Invest Your RRSP in Real Estate Using this Trick
Happy Holidays, I hope your 2019 was amazing! I'm winding down from a great 2019 and am looking forward to starting 2020 with a bang! 2019 was a year full of awesome real estate projects - including this most recent one where Shelby and I built our first house! Turns out gingerbread houses also have "construction delays" if the icing temperature isn't quite right.
I wanted to share with you some interesting investment options with your RRSP that I’ve been looking into. I didn't know creative options were available with RRSP funds until recently. Right now I have an employee matching RRSP plan at work which is great, except for the fact that I have to invest in the mutual funds that my company's benefits provider has available. I’ve been looking for ways to get better use of my RRSP funds and wanted to share one interesting way I’ve discovered.
The simplest way to use your RRSP funds is as a first time home buyer, as you can use your RRSP for a down payment. There is a good explanation for that HERE. By using this strategy you can leverage your RRSP funds to purchase real estate, this is the most typical way I’ve heard of people using RRSP funds.
I recently picked up a book called the “RRSP Secret'' by Greg Habstritt.
The author outlines strategies on how you can get better use of your RRSP funds than the typical mutual fund market. He states that these strategies are not promoted very much because the financial industry has little to gain from a self- directed RRSP transaction. Only the people within the transaction are benefiting as you are cutting out the middle man handling your registered funds. I think that's pretty cool, as I’m paying significant fees in my mutual fund! There are many ways to use your RRSP in real estate, but I’ll outline one common scenario: a second mortgage to fund a renovation.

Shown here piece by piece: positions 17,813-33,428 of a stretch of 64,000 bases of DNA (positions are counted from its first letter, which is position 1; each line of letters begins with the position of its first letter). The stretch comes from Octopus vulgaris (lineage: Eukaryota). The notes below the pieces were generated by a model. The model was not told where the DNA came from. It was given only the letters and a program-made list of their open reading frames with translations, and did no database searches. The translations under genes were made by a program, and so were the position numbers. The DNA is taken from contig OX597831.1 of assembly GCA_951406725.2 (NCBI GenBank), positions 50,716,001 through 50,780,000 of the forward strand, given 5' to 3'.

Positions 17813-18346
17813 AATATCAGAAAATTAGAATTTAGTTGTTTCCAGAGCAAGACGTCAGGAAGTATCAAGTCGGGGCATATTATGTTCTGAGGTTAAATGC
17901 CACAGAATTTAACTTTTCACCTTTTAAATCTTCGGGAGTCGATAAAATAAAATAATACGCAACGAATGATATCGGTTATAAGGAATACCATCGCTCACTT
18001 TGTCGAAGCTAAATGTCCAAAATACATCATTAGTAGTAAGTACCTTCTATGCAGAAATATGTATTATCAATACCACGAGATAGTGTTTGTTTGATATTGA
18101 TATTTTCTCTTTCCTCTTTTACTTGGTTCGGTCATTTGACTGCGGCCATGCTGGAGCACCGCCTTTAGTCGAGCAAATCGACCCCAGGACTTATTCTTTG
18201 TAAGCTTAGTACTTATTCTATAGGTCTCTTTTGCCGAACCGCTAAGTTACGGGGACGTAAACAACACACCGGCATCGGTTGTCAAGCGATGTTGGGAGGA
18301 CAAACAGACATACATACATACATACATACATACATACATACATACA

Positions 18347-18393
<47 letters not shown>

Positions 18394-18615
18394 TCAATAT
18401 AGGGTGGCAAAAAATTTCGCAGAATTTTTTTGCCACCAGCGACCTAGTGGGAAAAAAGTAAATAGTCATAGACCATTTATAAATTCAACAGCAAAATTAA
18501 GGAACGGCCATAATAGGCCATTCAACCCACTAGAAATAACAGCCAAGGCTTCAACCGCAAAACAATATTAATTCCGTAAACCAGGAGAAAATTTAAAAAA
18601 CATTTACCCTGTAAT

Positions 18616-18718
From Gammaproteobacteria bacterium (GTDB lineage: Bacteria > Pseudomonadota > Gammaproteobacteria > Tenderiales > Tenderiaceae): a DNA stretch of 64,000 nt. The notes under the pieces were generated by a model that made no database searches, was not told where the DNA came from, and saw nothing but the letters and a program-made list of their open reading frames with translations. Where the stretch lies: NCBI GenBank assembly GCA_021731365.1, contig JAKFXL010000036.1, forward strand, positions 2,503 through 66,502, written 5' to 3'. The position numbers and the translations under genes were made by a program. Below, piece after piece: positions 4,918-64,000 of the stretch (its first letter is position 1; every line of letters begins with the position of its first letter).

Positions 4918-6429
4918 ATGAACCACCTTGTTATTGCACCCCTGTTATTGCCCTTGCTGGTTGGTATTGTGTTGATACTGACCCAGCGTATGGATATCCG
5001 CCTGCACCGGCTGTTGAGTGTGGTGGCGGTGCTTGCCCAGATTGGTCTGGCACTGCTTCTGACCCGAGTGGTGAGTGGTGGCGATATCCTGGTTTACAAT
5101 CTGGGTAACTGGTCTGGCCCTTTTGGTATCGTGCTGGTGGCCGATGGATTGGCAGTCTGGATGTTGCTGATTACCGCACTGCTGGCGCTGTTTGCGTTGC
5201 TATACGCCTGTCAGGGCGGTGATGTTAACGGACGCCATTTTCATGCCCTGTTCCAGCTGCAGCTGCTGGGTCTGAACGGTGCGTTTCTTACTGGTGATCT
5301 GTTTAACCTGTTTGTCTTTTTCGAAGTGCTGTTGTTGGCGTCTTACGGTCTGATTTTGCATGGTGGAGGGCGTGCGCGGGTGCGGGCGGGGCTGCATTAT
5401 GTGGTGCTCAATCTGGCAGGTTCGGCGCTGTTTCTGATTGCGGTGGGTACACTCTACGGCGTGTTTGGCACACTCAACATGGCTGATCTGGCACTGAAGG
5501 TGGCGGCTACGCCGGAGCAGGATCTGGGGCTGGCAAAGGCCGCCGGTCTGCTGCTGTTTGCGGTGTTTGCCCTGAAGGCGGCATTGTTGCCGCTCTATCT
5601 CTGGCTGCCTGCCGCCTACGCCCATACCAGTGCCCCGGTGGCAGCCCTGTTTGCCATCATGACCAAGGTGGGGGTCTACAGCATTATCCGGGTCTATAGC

By using RRSP funds as a mortgage, you get paid back principle and interest like a bank would, by providing someone a second mortgage. To do this with RRSP funds you must set up a self-directed RRSP with a trust company, and fund the new account from wherever your registered funds are now (beware of fees). Then you must find someone in need of funds; someone like a real estate investor that is going to take that money and do a house flip or something similar. I’ve seen 2nd mortgages on a 1 year term for secured rates of return in the range of 8-15% depending on the circumstances for that loan. Those rates of return are much larger than what I’ve been seeing in my RRSP mutual fund. Furthermore, in this scenario the lender/investor has some control over the transaction and terms of loan, rather than no control compared to a mutual fund.
You may ask, why would someone take a high interest loan? One explanation could be it simply is their best option, and they can take that money and invest it or leverage it for a project at a higher rate of return.
Let me know if you found this interesting!
Happy New Year!
Spencer Brown Brown Properties www.gobrownproperties.com